That’s not breaking news, I don’t think. The Indians offense was hurt by injuries and poor performance across the board. We scored only 646 runs last season, third worst in the AL, for an average of fewer than four runs per game. Not historically bad, but pretty bad nonetheless.
But did you know that against left-handed pitching, our numbers were even worse? The team’s OPS against lefties was only .674 last year!
And, come to think of it, this shouldn’t really surprise us either. Most of our best hitters were (and continue to be) left-handed, meaning that they’re more likely to put up better numbers against right handed pitching. On top of that, Santana had a poor 2010 against LHP and Matt LaPorta continued to post an odd reverse platoon split—he’s been consistently worse against LHP than RHP. All these factors combined to hurt us considerably when a southpaw toed the rubber.
Today, I thought we’d look at some of the splits from 2010 not just to demonstrate the point that we were bad last season, but to think about whether there’s some hope for us to be better in the future.
The following table presents each player’s OPS against LHP and RHP in 2010. I’ve sorted the data on total OPS, with our best hitters at the top and the worst at the bottom:
So what do we notice about the top five guys on this list? Each one of them performed better against right handed pitching in 2010. Certainly some of that is sample-size related (we’ll have more on Carlos Santana in Part 2), but still, when your five most productive hitters all struggle against lefties, there’s some cause for concern.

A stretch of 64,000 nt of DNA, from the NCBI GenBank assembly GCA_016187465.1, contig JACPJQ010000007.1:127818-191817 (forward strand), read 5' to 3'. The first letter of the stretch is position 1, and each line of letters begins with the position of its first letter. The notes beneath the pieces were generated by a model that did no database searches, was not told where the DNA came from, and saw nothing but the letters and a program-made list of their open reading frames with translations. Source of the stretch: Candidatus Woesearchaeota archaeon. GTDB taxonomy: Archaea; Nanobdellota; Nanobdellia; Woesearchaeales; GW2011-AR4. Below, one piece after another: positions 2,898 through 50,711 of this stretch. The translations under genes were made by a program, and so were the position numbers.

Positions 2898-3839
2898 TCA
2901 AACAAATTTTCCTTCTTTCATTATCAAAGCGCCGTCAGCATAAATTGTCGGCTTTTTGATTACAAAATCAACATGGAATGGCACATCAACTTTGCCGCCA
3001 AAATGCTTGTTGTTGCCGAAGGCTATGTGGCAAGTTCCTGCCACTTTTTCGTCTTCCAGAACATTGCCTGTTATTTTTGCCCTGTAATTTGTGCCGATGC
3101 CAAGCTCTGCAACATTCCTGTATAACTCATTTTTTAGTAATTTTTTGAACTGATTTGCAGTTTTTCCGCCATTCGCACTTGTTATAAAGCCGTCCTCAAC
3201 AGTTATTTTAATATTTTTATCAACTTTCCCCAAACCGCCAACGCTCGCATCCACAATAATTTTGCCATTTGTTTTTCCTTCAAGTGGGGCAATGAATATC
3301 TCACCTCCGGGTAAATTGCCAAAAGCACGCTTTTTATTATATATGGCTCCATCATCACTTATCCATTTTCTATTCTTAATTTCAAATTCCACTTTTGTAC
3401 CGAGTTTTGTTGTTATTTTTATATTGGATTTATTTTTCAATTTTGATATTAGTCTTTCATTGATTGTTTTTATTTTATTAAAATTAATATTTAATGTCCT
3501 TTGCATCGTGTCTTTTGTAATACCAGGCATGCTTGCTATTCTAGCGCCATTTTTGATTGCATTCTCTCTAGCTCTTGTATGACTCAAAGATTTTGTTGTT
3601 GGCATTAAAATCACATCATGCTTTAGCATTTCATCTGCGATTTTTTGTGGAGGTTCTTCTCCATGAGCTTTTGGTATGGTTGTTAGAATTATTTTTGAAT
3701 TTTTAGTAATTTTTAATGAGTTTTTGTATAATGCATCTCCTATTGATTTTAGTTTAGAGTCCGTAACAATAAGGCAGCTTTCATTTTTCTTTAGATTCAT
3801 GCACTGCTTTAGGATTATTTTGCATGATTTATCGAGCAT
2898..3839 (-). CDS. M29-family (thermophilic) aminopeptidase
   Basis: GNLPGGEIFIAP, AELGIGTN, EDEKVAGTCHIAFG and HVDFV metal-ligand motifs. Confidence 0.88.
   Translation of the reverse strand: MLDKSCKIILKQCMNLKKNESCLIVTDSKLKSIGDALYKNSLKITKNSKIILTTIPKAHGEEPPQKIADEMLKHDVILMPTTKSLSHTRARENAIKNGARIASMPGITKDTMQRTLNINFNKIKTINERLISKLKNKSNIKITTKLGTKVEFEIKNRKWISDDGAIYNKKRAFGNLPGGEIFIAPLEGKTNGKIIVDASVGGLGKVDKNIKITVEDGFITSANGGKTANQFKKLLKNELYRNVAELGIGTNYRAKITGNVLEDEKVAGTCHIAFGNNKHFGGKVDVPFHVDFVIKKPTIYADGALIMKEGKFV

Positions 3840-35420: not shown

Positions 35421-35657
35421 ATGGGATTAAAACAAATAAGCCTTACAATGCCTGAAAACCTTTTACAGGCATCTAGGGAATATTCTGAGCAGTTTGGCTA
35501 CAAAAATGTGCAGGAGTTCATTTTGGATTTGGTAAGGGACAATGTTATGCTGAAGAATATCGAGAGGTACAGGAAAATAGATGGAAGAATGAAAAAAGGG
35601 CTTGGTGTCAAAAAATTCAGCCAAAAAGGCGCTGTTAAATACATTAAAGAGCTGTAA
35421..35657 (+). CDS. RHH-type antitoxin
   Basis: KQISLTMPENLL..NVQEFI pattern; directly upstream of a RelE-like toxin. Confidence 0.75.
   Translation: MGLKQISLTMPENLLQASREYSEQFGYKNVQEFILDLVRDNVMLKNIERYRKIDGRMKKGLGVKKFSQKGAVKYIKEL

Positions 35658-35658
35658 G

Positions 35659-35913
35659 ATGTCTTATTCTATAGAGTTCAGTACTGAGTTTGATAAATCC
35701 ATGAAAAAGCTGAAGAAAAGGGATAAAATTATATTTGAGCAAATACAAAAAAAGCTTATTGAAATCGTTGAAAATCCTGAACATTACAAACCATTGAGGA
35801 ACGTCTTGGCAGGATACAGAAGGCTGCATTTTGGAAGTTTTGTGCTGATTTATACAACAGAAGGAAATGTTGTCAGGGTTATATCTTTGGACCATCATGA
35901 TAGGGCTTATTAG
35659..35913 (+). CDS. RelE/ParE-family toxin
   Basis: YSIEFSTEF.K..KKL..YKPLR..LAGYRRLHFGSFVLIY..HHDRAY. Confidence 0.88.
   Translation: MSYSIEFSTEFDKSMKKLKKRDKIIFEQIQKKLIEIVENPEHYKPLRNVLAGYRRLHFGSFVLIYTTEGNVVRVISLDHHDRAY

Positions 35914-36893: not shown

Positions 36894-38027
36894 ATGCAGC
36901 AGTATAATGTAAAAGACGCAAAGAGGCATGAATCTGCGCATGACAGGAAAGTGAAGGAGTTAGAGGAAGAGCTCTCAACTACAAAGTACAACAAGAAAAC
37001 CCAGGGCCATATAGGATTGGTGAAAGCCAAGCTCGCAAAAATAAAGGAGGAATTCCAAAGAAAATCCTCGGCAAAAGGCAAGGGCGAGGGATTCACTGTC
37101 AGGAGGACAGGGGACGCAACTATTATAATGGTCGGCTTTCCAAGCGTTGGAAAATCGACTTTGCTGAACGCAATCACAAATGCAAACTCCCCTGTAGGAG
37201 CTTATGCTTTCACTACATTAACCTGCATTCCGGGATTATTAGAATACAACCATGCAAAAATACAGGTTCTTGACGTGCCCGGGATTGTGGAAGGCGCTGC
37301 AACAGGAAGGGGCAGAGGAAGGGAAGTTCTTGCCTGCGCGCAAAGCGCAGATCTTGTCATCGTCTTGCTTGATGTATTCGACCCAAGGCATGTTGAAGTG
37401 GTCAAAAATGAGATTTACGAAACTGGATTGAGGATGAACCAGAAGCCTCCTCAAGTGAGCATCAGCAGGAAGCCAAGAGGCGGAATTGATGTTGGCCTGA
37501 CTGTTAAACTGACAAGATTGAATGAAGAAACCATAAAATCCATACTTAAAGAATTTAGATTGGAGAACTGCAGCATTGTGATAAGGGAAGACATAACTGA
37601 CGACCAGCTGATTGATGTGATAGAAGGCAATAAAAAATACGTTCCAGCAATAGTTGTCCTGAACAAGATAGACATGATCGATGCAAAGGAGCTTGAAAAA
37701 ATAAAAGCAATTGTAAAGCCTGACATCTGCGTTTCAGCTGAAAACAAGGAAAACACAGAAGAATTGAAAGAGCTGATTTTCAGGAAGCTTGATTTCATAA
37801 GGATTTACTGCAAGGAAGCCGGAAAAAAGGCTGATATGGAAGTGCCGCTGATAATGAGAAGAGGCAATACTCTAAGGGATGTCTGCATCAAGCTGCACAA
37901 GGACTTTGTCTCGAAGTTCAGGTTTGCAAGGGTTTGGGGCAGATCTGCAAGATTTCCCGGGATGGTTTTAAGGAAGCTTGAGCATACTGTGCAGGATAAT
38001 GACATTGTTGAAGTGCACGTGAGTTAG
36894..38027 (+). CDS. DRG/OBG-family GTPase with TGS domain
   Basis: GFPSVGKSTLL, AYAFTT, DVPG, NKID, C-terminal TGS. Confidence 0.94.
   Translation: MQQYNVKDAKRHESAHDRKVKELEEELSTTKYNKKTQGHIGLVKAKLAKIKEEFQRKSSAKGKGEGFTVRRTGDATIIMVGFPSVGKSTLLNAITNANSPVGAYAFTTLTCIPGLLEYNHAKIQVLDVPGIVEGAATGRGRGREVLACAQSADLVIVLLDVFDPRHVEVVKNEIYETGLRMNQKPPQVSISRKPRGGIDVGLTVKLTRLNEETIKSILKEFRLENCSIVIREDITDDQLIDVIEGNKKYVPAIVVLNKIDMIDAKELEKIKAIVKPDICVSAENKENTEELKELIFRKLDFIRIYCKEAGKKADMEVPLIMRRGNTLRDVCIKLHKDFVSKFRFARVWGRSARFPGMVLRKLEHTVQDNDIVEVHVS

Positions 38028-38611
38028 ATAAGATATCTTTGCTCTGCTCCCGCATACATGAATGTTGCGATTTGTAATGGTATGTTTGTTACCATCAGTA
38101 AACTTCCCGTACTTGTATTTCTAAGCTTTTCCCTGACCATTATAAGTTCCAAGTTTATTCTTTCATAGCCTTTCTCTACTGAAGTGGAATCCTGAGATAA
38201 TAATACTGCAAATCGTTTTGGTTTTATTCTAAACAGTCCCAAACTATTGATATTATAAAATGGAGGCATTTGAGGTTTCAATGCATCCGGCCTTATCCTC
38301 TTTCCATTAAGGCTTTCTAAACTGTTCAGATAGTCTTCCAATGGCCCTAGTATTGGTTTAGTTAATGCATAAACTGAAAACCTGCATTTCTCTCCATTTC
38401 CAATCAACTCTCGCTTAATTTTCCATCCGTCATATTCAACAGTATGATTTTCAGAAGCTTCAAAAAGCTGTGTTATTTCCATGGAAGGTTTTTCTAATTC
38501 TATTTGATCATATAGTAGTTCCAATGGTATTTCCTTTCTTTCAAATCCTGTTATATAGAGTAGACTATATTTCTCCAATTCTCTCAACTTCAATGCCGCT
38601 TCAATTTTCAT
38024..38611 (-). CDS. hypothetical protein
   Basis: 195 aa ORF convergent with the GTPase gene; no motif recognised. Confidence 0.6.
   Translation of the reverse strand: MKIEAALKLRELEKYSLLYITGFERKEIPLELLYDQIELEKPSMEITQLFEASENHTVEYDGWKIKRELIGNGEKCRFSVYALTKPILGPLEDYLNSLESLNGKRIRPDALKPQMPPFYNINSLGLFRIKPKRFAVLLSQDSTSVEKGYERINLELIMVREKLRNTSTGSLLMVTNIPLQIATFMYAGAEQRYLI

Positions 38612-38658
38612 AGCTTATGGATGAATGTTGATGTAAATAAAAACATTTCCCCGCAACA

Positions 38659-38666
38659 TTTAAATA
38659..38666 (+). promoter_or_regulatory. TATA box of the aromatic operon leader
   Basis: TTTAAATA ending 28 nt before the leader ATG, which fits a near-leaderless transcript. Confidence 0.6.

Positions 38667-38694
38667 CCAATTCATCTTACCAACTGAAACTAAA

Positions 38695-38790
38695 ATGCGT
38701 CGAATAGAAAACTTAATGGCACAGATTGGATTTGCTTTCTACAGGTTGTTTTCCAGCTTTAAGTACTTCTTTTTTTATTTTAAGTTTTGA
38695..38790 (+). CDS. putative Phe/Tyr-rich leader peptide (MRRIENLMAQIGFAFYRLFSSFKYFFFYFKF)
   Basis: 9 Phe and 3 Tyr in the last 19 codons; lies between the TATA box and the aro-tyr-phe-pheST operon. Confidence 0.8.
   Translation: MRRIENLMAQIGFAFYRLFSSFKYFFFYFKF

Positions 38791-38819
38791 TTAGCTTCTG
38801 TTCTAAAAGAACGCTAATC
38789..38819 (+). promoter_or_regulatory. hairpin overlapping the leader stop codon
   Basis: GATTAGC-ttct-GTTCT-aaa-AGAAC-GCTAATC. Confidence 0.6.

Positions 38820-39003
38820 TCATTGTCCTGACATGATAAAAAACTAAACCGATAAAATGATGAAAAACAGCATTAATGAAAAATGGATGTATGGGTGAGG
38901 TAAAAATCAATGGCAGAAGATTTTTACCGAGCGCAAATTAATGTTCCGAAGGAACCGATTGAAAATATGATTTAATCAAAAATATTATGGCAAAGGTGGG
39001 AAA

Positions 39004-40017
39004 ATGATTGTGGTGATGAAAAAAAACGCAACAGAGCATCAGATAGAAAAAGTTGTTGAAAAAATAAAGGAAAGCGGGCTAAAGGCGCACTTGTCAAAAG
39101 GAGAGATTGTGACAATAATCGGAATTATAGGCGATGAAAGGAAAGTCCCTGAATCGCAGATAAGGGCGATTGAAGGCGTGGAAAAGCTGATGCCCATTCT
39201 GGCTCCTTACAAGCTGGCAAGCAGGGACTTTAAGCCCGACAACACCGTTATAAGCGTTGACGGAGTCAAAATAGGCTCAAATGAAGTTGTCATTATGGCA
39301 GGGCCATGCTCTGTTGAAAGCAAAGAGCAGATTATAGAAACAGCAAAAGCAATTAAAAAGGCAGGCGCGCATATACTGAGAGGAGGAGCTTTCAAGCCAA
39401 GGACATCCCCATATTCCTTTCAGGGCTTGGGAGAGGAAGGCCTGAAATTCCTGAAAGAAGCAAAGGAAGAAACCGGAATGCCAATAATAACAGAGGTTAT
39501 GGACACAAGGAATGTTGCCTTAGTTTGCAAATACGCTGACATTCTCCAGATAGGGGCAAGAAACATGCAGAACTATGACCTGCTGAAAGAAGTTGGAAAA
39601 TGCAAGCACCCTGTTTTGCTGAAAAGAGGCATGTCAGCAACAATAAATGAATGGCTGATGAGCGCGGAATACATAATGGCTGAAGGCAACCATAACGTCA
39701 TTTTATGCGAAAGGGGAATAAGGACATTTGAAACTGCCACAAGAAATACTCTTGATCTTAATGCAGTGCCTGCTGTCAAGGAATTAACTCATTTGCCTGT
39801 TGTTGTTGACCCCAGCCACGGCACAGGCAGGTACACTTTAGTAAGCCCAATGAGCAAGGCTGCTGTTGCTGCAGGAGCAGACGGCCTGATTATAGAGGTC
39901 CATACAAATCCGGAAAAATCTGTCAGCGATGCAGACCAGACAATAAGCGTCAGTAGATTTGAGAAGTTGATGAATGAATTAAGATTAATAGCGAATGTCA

To illustrate what I’m talking about, look at that last column, “RHP-LHP”. I’ve simply subtracted a player’s OPS against lefties from his OPS against righties. When that value is positive, a player performs better against RHP. When it’s negative, the player is better against LHP.
We certainly have some guys who are better against lefties than righties. Look at Shelley Duncan, Jayson Nix, and Jason Donald for example: they all have about .200 additional points of OPS against left-handed pitching. The problem, of course, is that their “advantage” is really more of a mirage: yes, they are better against LHP, but that’s because they are truly awful against righties—making them below average players overall. And, as of this writing, neither Jayson Nix nor Jason Donald appears headed for a platoon, with both players competing for starting spots on the club.
So does this mean we’re destined for more terrible offense against lefties? Perhaps, but before we conclude that, I’d like to take a look at some of the minor leaguers’ splits. We’ll do that in Part 2 later this week.
Photo: AP/David Richard